good-bad-ugly of flash

A recent study from IDC predicted that worldwide spend in the enterprise all-flash storage market will grow to £1.0B in 2016 from £0.2B in 2012. That translates to a CAGR of 58.5 percent between 2012 and 2016. Flash has taken the storage market by storm, and going by the staggering numbers here, its adoption has been widespread. Having said that, is everything about flash arrays good, or is there a flip side to the story?

Flash is critical to applications that need higher input/output operations per second (IOPS). Flash arrays deliver close to 1M 4K IOPS with an average latency of 1ms. These numbers prove that flash indeed brings with it high performance and ease of management. It eliminates the need for complex processes like short stroking and storage tiering as data always resides in the flash array.

Because there are no mechanical parts, flash arrays end up consuming less space and power than traditional disk-based arrays. With flash vendors incorporating compression and inline deduplication in their arrays, all flash arrays continue to add incremental value to the storage.

Cost is the main concern when it comes to all-flash adoption. The cost of maintaining the data in all flash has come down from £7.25 per GB, but it’s still relatively high at £2-4 per GB; so the storage admin has to carefully assess whether flash is really needed. Another major concern with flash is its durability. Flash memory can endure only a finite number of writes. Flash cells get worn out as you erase and re-write (i.e., program/erase cycles) to them, resulting in device failure at some point in time.

Also, numerous reads or programming of data in one cell can inadvertently corrupt the data in a nearby cell. When used in a hectic storage environment, the flash drive will eventually fail like any other disk drive. In addition to this, sudden data loss due to unexpected power failures also makes a case against flash. However, many of the top flash vendors offer enterprise, all-flash arrays that provide five years of usability and 99.999 percent availability, so data loss should no longer be a roadblock to adopting flash.

It is the burden of the storage admin to choose between three different forms of flash deployment – PCIe card, all flash, and hybrid arrays. The admin will have to understand the requirements carefully to deploy the right amount of flash. PCIe cards sit in the host server’s PCIe slot to act as a flash cache to accelerate the traditional storage arrays. This deployment boosts performance without adding any capacity to the storage. All flash arrays provide high IOPS, higher capacity for the space employed, improved performance, lower power bills, and ultra-low latency when compared to disk storage. However, the initial cost of deployment of all-flash arrays is very high and a complete switch to flash may be overkill.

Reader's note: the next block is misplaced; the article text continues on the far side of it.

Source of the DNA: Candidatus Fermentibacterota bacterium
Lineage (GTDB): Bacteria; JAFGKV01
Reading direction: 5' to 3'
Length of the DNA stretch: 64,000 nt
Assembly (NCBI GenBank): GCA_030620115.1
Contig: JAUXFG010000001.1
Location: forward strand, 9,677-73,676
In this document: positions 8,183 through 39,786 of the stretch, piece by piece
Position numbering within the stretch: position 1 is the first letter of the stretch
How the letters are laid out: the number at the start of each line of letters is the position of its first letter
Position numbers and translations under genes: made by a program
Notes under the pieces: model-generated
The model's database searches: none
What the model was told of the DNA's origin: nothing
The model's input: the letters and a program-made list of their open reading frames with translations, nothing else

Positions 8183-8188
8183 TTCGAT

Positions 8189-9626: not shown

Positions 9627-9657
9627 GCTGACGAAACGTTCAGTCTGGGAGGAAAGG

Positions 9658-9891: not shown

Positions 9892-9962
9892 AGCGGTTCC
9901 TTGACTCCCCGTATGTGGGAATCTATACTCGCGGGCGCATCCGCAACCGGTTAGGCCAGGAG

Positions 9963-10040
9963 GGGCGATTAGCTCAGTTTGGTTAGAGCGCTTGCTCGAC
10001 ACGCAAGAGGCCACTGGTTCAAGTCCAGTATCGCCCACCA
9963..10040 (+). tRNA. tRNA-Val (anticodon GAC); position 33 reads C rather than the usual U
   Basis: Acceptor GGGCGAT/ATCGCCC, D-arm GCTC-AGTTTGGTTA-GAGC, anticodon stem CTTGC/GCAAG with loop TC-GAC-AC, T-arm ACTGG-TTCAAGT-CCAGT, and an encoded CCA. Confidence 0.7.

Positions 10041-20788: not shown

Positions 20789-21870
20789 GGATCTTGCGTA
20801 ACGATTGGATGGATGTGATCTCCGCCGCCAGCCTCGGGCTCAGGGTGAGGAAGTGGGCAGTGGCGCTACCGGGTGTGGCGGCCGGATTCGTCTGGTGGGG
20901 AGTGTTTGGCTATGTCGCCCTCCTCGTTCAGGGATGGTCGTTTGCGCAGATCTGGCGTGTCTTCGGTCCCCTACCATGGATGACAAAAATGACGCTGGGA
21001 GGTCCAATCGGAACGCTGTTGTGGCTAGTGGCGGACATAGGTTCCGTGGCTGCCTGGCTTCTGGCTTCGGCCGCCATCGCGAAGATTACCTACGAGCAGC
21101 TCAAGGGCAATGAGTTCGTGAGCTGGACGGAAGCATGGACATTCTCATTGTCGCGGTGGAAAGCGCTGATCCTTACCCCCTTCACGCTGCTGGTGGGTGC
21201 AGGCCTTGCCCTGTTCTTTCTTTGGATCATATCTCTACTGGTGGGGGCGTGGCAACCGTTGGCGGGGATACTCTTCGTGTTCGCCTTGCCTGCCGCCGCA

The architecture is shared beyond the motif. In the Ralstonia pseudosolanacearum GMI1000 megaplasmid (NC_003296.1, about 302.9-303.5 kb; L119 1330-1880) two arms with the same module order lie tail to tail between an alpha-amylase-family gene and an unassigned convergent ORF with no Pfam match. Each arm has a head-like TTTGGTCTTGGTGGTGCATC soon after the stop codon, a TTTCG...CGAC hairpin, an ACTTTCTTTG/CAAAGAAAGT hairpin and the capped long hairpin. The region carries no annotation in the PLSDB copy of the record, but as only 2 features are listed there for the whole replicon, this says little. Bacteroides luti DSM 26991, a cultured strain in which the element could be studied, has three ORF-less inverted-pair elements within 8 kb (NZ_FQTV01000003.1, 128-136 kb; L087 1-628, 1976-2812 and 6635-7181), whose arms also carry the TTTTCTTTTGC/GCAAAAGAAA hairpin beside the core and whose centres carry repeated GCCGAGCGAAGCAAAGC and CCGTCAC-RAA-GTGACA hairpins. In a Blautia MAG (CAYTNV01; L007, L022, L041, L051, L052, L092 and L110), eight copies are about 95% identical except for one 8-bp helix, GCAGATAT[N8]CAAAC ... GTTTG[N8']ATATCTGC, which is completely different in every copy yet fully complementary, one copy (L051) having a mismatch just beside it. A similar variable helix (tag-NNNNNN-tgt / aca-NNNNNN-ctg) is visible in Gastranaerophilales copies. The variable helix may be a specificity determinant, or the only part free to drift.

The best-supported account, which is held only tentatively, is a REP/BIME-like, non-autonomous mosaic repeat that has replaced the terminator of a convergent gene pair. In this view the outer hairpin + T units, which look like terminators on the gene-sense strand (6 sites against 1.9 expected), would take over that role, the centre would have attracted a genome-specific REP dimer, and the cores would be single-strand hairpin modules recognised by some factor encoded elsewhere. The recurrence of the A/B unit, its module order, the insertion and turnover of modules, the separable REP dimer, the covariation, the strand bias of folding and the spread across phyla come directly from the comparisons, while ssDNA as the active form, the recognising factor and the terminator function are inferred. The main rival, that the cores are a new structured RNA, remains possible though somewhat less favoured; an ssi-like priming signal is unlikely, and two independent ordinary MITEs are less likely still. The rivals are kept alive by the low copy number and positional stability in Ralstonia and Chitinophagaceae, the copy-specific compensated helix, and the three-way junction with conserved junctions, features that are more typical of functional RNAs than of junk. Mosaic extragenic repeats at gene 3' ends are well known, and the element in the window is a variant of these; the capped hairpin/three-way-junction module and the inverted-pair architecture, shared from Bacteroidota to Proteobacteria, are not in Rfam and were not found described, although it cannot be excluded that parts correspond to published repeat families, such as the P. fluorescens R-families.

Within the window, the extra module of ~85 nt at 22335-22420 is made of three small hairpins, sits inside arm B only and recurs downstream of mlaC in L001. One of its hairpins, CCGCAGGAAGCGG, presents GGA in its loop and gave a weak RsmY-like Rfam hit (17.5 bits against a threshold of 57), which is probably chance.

Hybrid arrays hit the sweet spot when it comes to balancing performance and capacity needs of storage while delivering better bang for your buck. This is the best option for organisations that do not have the adequate finances for all-flash arrays. However, in a typical hybrid array, applications may compete for the flash tier of storage array. That competition, based on data accessed, could result in oversubscribed flash and sub-optimal performance for all applications.

If mission-critical apps do not find a place in the flash tier, it would sound the death knell for the storage admin. Ultimately, storage admins make the call when it comes to choosing the right, scalable flash option; and management will hold them accountable. Based on the choice of flash deployment, the admin has to be prepared to tackle its side effects as well.

Flash arrays are a godsend for those IOPS-hungry applications. However, they come with their own set of challenges for the storage admin. With the different deployment options available, an administrator should run beta units at the data centre to evaluate the performance against the requirement to make an informed decision. After all, experience is something you shouldn’t get just after you need it. And experience with flash is something that will benefit most companies today and in the future.

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This article originally appeared in the Storage Magazine on January, 2015.

  1. Larry B.

    I have worked vary hard to learn everything I could so I might be able to be a help to a company. I am really happy to have come across this site and the info it has to offer a person and the business such a person represents. Thank you for having put the time into explaining this storage monitoring software.

    • Nikhil

      Thanks Larry. Appreciate it.